Collier’s #1-4 by David Collier.
This series was published in a variety of sizes (two standard comic book, one standard magazine, and one in the middle somewhere) at a glacial pace between 1992 and 1998. I think I remember seeing work from David Collier popping up in various anthologies around that time, but I would guess that he’s just really slow, because the books just have that feel about them… that old-timey slow feel…
So, Collier used to be in the Canadian army or something, and now he draws comics. For his first solo comic, he’s using the somewhat peculiar “draw a gazillion diagonal lines” method of shading, which looks very labour intensive…
… but has as is main problem than things tend to have the same level of greyness when you look at a page, so things aren’t always immediately readable. But I just love it. It just looks so obsessive and organic.
The first story, about setting up for a rock show, is a bit on the confusing side. I found myself flipping back and forth and back and forth to try to work out who these characters are and how it all fits together, and I think it just doesn’t. This guy, for instance, never gets a name and we’re never given any explanation for why his abode is that salvo box…
And see that guy on top of those speakers there? He went up to put a little tweeter on top, but then the other people left him, so he couldn’t climb back. So what happened to him?
Oh, there’s the tweeter being handed down after the concert? So he was up there the whole time?
But I don’t mind. The confusion just lends it more character.
And it’s funny.
Then a short story about going to New York. I guess Trump was a thing back in 1992, too… He didn’t, though.
Even though the first two stories in this issue are pretty spiffy, the last one is just wonderful in its scattered mundanity. It’s set in army barracks, and it’s about… er… stuff… I guess… And it’s very funny and oddly touching, even though nothing much happens.
Oops. Colin Upton has almost the same critique that I have about that first story…
The second issue starts off with two stories in the same vein as the first issue, and they’re also drawn in much the same We Love Diagonal Lines style. The third one, however, is a story about a Saskatoon woman who ended up going to compete in the Olympics in 1928. It’s told from the point of view of her first trainer, and it’s great.
I have no interest in sports or anything, but it’s oddly riveting. It doesn’t have that much drama or intrigue, and it’s told in a slightly repetitive way (the narrator mentions that she was called “The Saskatoon Lily” three times, at least), but it lends it verisimilitude. It feels like this guy is really telling you a story, and for some reason you’re interested.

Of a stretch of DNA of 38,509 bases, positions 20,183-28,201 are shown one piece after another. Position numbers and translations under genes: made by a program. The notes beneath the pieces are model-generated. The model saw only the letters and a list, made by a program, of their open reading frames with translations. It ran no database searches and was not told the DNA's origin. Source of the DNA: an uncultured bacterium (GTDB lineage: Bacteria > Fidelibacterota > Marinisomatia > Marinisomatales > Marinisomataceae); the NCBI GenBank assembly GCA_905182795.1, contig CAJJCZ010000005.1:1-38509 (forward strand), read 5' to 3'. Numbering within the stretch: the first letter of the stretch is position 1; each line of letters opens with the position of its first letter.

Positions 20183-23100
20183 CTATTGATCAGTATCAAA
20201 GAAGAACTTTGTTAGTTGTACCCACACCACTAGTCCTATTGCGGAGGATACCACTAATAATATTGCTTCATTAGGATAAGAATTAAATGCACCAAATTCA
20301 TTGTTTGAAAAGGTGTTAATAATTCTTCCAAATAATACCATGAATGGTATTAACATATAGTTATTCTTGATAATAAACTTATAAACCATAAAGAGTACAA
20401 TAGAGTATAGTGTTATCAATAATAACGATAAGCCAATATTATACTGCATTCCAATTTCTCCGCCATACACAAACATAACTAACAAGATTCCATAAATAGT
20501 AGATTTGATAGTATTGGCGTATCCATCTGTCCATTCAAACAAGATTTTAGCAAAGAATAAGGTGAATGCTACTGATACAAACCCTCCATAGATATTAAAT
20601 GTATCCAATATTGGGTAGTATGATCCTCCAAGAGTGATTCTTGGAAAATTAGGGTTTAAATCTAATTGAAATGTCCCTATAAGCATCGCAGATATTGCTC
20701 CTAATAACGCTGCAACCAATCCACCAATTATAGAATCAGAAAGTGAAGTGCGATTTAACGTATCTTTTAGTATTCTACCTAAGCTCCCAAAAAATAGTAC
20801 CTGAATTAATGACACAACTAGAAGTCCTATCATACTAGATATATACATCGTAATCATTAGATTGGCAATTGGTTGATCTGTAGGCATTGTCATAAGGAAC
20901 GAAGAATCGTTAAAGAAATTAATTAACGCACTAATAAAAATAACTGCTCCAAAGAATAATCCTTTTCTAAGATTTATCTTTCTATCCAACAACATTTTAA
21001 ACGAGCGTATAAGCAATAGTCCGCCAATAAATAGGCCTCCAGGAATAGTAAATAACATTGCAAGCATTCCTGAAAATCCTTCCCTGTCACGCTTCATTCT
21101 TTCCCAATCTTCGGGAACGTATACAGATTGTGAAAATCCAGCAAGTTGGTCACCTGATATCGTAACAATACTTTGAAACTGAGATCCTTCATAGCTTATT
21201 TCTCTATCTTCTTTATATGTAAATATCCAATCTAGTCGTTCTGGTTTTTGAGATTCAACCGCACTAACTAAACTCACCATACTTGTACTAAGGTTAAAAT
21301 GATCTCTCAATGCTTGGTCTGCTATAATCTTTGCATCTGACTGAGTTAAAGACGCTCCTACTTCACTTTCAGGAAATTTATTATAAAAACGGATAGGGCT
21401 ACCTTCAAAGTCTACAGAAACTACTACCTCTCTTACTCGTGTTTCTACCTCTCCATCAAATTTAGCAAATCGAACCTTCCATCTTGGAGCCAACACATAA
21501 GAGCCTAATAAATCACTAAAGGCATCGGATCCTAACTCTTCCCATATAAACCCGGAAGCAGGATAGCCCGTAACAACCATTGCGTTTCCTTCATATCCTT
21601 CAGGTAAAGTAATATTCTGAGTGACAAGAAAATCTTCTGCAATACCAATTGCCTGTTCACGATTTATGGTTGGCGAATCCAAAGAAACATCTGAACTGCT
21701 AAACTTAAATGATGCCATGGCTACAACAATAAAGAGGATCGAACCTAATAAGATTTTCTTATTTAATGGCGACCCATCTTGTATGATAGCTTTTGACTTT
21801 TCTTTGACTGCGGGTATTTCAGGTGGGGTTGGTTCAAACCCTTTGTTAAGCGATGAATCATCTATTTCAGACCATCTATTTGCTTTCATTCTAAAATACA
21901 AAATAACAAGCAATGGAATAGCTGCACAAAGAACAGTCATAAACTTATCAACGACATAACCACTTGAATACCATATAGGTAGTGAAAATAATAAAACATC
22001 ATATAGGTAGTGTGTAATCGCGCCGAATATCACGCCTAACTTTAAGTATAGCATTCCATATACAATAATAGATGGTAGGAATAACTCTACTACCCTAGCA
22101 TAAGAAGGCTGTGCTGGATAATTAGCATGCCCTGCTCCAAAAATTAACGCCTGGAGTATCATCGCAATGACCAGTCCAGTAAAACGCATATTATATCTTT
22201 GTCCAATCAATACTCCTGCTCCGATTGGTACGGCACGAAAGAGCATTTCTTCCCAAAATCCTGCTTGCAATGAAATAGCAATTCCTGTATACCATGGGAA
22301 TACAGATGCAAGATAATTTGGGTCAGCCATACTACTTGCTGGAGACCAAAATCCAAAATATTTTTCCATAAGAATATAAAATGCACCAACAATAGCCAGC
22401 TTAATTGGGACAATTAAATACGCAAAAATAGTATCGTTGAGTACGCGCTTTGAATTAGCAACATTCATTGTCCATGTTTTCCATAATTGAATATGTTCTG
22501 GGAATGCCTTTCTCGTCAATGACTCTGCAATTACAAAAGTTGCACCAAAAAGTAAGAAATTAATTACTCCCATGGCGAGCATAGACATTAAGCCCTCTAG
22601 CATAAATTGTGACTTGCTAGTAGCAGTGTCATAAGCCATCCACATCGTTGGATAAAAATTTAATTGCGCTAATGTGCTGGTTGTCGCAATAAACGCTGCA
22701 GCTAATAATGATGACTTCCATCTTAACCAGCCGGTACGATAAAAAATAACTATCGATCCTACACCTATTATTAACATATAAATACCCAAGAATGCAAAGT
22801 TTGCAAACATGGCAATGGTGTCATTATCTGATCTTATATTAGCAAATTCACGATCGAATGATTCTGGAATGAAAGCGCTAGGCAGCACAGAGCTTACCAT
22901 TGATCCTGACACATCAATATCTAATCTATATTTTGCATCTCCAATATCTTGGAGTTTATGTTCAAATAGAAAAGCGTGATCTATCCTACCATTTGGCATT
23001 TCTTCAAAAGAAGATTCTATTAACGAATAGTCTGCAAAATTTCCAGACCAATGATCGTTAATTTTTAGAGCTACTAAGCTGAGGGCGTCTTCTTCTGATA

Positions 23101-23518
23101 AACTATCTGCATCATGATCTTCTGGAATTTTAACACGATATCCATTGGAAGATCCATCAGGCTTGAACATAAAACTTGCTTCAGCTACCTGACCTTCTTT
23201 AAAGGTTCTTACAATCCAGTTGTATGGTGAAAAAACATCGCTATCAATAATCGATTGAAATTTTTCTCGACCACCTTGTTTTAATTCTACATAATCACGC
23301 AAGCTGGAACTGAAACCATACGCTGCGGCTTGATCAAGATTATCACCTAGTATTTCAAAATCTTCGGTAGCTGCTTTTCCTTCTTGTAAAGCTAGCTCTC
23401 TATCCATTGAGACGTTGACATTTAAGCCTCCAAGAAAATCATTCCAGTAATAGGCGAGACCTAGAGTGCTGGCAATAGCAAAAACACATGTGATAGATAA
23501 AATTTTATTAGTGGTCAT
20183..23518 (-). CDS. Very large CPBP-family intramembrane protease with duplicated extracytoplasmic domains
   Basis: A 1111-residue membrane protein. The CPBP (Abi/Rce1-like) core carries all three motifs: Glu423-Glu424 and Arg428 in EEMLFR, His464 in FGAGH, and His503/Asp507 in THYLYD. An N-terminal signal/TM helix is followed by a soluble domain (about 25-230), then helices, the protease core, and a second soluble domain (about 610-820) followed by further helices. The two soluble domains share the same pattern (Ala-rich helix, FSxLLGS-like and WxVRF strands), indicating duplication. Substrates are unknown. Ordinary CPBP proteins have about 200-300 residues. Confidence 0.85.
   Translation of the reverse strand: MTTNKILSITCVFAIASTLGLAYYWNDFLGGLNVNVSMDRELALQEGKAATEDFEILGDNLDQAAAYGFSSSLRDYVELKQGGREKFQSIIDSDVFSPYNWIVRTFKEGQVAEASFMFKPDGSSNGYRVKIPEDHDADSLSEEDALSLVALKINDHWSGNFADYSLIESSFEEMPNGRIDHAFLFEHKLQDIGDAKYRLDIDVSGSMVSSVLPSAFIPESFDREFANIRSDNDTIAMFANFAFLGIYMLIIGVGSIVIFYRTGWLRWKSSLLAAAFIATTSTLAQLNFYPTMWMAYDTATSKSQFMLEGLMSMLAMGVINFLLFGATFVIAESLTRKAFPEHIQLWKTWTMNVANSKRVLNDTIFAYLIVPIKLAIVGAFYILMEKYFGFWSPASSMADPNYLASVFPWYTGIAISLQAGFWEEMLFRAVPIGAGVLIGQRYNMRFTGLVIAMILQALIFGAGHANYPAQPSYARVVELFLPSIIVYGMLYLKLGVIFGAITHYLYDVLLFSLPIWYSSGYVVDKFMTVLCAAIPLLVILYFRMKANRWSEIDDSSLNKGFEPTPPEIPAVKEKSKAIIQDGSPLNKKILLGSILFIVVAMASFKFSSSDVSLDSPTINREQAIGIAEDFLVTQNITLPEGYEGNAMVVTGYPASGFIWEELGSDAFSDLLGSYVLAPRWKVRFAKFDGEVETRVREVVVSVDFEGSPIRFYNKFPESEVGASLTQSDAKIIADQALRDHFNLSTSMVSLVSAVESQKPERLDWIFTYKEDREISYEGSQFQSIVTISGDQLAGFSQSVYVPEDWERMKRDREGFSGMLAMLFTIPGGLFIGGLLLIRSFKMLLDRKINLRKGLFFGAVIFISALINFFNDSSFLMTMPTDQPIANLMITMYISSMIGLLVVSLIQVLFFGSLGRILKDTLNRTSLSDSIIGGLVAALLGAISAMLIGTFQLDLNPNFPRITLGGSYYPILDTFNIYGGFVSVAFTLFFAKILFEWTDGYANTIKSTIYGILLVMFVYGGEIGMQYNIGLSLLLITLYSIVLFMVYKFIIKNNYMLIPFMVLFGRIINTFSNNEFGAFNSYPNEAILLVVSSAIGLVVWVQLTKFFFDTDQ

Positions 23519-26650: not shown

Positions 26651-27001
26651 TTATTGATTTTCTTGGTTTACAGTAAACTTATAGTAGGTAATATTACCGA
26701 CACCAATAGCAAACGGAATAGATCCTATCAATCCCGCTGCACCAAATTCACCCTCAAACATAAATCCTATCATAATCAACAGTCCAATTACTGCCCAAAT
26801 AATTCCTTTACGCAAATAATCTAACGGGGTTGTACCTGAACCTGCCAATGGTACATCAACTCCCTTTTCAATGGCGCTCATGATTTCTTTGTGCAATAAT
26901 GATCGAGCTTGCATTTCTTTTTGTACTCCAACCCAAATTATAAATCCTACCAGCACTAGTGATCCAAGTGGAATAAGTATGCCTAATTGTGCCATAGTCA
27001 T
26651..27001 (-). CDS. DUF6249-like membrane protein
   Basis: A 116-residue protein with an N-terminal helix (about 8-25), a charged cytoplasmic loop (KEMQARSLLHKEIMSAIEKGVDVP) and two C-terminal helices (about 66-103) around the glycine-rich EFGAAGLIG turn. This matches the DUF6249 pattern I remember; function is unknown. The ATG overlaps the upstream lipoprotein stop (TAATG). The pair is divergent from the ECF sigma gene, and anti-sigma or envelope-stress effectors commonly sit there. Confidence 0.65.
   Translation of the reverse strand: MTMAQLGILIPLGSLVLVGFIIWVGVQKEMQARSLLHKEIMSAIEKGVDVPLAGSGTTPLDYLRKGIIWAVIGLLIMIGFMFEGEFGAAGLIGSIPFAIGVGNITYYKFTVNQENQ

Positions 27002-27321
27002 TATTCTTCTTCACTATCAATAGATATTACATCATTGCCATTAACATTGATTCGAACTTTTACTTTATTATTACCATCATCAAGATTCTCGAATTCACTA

The artwork also changes quite a bit. Instead of all the diagonal lines, Collier switches to a variety of ways to shade, like traditional cross-hatching above…
And… er… I’m sure that has a technical name…
The third issue is all one story, sort of. It starts off with Collier wanting to ski up to Grey Owl’s old lodge:
The artwork has taken a definite Crumbian turn, but after showing that harrowing trip, the rest of the issue retells the story of Grey Owl, who was an English guy who went to Canada, passed himself off as native, and then published a series of books on conservation and stuff.
This was back in the 1920s, when things like that were even less popular than now.
I have not checked whether Collier just made all this up or not. Hang on for a second while I duckduckgo… Yup, Wikipedia seems to think it’s true.
Anyway, it really works. The framing sequence makes the retelling personal: As something only Collier could do, and the story of Grey Owl itself is humanising and touching, but still quite funny. It’s great.
You snooze, you etc.
The fourth and final Fantagraphics issue is about Collier’s grandfather, and as good as the other issues are, it’s even better.
It’s told very non-linearly. It’s more like a very vague and somewhat scattered clip book where we’re told things about Richard, the aforementioned grandfather, in seemingly random order. But not in an artsy random order: It almost feels like Collier is just drawing things in the order they occur to him.
It’s a very odd technique, but it works. By avoiding giving this life an “storytelling arc”, as most people would have done, the book feels like a life. Random and without much meaning, but still meaningful.
One thing that did drive me slightly batty while reading it, though, was the total lack of signalling between captions that were Richard talking in first person, and Collier talking about Richard in third person. Typical example up there. I tried to see whether there was any significance to the captions being in boxes or not…
Hm… the first person panel has rounded borders? Is that a clue?
*reaches for issue*
Yes! Whenever the panel has rounded borders, it’s first person! Gad. I didn’t catch that.
Well then, I withdraw my objection. Unfortunately my delete key is missing, so I can’t delete all that, and I have to live with the shame of being inattentive.
Anyway! It’s wonderful. As it got towards the end, I found myself wishing that it was much longer than it is, and perhaps Collier thought that, too, since the story continues onto the outside back cover.
+1 will read again.
After this issue, the series moved to Drawn & Quarterly. Collier has published a (small) number of graphic novels after this, one of which I see that I haven’t read yet, so I’ve just ordered it.
Hm… doesn’t seem to have published anything after 2012? That’s too bad.
This post is part of the Fantagraphics Floppies series.